Marijuana’s march toward mainstream acceptance continued in Los Angeles last week with the passage of Measure M, which implements a tax on recreational and medical cannabis and gives the City Council the power to regulate pot businesses.
The local ballot win follows November’s statewide legalization of commercial recreational marijuana sales, victories that have emboldened industry players to emerge from the shadows and advertise their services as any other company would – with some caveats.
Because cannabis is still illegal at the federal level, TV and radio ads, which are regulated by Federal Communications Commission rules, remain a no-go. The federal classification is also causing headaches on social media, with Facebook and Instagram shutting down pages of some legal marijuana businesses, according to reports. Local and state officials are also working to implement regulations that would shield adolescents from weed ads.
“Lawmakers are concerned about cannabis industry advertising, especially as it pertains to children,” said Aaron Lachant, a partner at West L.A. law firm Nelson Hardiman who represents marijuana business clients. “They are seeking to limit the exposure children have to these ads either through an outright ban or through restrictions on how and where advertisements appear.”
Billboards seem to be a particular area of concern for lawmakers. Proposition 64, the statewide recreational cannabis referendum passed in November, put specific restrictions on how marijuana businesses can utilize outdoor signage. A follow-up bill, AB 64, which is winding its way through the state Legislature, would further tighten regulations, making them nearly identical to how tobacco and alcohol ads are controlled.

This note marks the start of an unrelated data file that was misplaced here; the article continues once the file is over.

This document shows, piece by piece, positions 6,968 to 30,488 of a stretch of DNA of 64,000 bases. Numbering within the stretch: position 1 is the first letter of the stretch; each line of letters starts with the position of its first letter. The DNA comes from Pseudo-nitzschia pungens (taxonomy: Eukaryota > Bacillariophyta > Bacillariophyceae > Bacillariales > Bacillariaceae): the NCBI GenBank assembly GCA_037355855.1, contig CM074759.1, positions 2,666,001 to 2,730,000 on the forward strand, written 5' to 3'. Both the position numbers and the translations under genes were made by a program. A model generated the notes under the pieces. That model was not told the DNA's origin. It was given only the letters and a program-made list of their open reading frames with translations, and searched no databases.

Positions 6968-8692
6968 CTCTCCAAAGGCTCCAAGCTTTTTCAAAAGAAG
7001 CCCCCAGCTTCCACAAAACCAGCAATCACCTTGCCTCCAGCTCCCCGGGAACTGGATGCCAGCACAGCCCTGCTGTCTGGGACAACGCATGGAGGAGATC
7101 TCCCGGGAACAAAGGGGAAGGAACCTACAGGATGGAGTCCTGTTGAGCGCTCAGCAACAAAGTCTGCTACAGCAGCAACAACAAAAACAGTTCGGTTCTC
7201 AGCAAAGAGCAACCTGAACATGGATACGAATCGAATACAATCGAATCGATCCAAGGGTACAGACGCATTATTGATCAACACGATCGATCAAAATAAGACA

Los Angeles City Council President Herb Wesson said five or six town hall meetings have taken place since May in regards to cannabis regulation. However, he noted no constituent had raised the issue of billboard advertising.
“There are limits as to what we can tell billboard companies they can and cannot display,” said Wesson. “But we’re going to do our very best to incorporate everyone’s concerns.”
Some industry heavyweights, such as downtown cultivator THC Design and Irvine-based Weedmaps, have already begun buying billboard space across Los Angeles.
A spokesman for Weedmaps, an online platform connecting marijuana buyers with dispensaries, said the company had advertisements on at least 50 signs in the region on any given day.
THC, which has its own internal marketing and creative department, had more than 200 billboards up in October before the Proposition 64 vote, though a representative said the number has gone down significantly since then.
Both Weedmaps and THC said their ads are designed with regulations in mind and with the specific goal of reaching people ages 21 or older.
“We’re trying to follow the model put in place that governs the alcohol and tobacco industries,” said Edward Fairchild, THC’s creative director. “We’re not interested in advertising to kids. We only want to market to the 21-plus crowd.”